|Born||5 May 1855|
|Died||13 January 1918 (aged 62)|
Erenköy Mansion, Istanbul, Ottoman Empire
Yahya Efendi Cemetery, Istanbul
|Spouse||Abdul Hamid II|
Şehzade Mehmed Abdülkadir
|Ottoman Turkish||بیدار قادین|
|House||Talhosten (by birth)|
Ottoman (by marriage)
|Mother||Şahika İffet Lortkipanidze|
Bidar Kadın was born on 5 May 1855 in Kobuleti, Georgia. She was a member of the Kabardian princely family, House of Talhosten (Kabardian: Талъостэн). Her father was Talhosten Prince Ibrahim Bey and, her mother was Princess Şahika İffet Hanım Lortkipanidze, a Georgian. She had two younger brothers named Hussein Pasha, and Mehmed Ziya Pasha (1860 – 1919), who were in service to Abdul Hamid.
Four days later, on 4 September 1876, she gave birth to her first child, a daughter, Naime Sultan. The imperial family settled in Yıldız Palace, where on 16 January 1878, she gave birth to her second child, a son, Şehzade Mehmed Abdülkadir. In 1879, she was elevated to "Üçüncü Kadın".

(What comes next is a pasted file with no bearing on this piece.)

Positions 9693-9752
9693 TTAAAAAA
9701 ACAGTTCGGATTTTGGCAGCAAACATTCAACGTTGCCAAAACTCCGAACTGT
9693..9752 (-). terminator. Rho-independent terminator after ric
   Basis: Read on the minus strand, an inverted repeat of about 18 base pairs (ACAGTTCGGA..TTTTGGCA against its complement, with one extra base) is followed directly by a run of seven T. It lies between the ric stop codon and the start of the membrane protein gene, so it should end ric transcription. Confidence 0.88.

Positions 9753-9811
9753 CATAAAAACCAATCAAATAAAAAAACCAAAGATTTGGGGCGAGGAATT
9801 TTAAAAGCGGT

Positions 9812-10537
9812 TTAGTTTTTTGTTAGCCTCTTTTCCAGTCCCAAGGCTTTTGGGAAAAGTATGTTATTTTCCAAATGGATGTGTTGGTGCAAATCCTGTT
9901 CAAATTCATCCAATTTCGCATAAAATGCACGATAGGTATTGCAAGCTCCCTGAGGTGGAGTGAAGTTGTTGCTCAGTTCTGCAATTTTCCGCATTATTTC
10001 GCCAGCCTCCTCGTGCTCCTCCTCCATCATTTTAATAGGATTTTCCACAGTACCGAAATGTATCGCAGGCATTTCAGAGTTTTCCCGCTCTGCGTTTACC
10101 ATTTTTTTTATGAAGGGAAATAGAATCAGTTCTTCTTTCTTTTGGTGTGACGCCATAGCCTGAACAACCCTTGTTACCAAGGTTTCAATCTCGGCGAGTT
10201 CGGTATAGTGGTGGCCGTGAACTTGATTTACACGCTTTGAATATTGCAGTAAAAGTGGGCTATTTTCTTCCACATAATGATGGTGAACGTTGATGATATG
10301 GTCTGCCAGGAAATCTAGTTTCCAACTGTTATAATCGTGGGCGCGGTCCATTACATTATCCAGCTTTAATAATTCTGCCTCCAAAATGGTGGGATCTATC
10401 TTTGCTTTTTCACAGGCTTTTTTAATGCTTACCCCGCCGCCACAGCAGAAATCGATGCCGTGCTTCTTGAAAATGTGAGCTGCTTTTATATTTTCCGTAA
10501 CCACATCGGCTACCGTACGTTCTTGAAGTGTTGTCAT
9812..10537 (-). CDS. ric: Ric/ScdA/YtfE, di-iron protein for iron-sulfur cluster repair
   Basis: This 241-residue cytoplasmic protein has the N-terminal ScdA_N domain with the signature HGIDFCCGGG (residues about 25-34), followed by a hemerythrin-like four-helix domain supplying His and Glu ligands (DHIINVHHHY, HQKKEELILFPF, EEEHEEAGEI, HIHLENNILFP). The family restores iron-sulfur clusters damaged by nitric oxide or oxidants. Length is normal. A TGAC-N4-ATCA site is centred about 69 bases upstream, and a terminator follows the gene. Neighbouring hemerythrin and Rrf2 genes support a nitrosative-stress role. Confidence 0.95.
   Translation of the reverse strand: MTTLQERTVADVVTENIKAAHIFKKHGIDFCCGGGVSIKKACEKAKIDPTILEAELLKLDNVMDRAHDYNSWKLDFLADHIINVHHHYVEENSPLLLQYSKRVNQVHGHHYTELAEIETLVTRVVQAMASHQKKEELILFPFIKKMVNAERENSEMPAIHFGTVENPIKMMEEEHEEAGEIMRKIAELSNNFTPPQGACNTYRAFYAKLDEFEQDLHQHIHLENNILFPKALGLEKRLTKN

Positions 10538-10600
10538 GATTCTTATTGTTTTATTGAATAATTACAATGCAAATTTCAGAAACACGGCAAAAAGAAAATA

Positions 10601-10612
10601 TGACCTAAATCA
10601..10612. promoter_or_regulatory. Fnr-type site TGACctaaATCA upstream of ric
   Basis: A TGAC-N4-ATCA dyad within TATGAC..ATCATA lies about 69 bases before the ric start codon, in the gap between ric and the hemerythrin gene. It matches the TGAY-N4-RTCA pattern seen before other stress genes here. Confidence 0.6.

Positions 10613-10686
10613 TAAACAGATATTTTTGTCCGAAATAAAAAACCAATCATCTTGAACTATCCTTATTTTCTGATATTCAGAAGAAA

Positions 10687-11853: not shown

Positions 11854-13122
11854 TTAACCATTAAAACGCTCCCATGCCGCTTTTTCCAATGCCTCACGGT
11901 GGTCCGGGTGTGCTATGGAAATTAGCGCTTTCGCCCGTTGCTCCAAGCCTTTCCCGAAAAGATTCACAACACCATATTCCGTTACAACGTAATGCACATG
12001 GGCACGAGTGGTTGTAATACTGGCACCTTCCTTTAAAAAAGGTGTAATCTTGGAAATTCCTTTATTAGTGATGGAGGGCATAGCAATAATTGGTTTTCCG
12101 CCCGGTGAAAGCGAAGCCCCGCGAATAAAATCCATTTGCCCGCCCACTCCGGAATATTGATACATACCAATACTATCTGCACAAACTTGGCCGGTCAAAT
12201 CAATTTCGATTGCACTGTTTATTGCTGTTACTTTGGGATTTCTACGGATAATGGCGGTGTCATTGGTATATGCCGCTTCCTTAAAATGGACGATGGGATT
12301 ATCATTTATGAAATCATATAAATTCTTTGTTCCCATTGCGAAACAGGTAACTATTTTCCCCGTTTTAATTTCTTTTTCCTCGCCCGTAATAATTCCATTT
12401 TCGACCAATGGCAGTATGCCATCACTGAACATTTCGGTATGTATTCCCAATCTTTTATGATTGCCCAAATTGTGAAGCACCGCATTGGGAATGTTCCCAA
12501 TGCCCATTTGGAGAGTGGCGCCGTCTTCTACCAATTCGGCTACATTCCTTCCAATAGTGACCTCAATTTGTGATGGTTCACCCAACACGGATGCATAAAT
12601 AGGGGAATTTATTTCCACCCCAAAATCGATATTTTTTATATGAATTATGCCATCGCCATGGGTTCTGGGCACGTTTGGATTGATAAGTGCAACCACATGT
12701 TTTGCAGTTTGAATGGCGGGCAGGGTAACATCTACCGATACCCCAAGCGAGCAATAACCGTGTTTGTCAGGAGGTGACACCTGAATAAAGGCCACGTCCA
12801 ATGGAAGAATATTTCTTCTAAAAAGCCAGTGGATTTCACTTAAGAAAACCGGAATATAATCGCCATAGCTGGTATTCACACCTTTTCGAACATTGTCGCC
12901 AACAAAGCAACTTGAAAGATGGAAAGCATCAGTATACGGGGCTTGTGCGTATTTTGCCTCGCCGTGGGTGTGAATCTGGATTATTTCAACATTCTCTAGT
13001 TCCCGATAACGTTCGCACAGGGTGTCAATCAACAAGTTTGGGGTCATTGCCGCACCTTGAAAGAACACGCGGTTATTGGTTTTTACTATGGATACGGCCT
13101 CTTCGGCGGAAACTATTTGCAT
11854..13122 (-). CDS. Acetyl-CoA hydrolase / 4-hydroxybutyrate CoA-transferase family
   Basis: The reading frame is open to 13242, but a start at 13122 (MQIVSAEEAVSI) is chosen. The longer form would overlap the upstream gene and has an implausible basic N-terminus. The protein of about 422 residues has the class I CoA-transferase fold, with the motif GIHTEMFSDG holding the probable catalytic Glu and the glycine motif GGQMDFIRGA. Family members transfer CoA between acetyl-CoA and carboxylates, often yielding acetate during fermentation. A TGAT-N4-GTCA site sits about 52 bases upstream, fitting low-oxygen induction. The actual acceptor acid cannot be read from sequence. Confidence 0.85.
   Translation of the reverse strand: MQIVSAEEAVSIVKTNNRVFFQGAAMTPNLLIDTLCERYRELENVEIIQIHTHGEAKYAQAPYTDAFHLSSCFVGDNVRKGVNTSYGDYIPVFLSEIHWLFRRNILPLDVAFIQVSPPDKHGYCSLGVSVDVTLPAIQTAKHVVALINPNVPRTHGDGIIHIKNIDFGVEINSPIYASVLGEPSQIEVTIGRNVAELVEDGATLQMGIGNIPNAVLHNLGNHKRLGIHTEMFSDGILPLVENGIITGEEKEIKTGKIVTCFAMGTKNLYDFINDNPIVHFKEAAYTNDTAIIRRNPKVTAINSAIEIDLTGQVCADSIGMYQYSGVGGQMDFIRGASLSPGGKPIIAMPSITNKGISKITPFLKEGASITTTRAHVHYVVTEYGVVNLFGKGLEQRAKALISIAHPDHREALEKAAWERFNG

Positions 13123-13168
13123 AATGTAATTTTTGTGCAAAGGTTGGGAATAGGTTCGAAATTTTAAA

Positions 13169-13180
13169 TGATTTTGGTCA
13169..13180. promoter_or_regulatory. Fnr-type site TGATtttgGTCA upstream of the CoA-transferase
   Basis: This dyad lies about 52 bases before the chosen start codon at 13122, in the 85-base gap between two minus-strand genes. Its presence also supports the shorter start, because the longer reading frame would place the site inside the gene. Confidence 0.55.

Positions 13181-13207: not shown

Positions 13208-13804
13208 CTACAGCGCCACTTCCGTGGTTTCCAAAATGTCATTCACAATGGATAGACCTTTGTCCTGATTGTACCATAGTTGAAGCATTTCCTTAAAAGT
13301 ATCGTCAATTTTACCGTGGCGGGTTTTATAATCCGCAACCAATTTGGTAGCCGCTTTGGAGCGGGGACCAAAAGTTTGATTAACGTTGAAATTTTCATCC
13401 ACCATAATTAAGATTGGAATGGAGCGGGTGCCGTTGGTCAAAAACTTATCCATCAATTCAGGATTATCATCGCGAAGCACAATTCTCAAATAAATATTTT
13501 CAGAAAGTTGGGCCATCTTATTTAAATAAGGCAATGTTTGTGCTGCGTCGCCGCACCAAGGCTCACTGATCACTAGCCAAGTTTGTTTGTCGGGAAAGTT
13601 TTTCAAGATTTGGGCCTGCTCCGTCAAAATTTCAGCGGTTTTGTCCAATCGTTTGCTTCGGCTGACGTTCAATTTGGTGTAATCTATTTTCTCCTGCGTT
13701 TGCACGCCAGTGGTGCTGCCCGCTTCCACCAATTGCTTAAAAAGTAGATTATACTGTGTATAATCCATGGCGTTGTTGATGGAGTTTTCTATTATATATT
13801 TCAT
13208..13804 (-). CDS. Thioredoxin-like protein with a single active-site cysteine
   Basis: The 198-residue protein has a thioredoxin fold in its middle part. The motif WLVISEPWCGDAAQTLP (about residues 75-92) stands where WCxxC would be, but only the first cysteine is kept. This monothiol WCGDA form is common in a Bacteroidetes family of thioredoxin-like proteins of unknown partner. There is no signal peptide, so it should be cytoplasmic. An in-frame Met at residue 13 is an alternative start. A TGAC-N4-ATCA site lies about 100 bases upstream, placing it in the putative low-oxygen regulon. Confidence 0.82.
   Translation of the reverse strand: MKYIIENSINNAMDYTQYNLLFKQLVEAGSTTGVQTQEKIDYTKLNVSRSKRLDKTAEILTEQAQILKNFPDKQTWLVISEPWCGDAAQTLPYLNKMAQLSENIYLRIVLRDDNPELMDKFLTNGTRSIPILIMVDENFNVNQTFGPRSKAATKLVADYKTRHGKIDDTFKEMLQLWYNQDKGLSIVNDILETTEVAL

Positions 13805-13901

In 1895, she was elevated to "Ikinci Kadın". In October 1898, she again met Empress Augusta Victoria in the grand salon of the Imperial Lodge of the Yıldız Palace, when the latter visited Istanbul for a second time with her husband.
On 27 April 1909, Abdul Hamid was deposed, and sent into exile in Salonica. Her brother Mehmed Ziya Pasha followed him. She, however, remained in Istanbul, and settled in a mansion in Erenköy. After Salonica fell to Greece in 1912, Abdul Hamid returned to Istanbul, and settled in the Beylerbeyi Palace.
Bidar Kadın died on 13 January 1918 in her mansion in Erenköy, a month before Abdul Hamid's own death. She was buried in the mausoleum of Şehzade Ahmed Kemaleddin, Yahya Efendi Cemetery, Istanbul.
Bidar Kadın and Abdul Hamid had two children:
- Fatma Naime Sultan (Constantinople, Yıldız Palace, 4 September 1875 – Tirana, 1945, and was buried there), married two times and had issue.
- Şehzade Mehmed Abdülkadir (Constantinople, Beşiktaş, Dolmabahçe Palace, 16 January 1878 – Sofia, January or 16 March 1944 and buried there), married six times and had issue.
In popular culture
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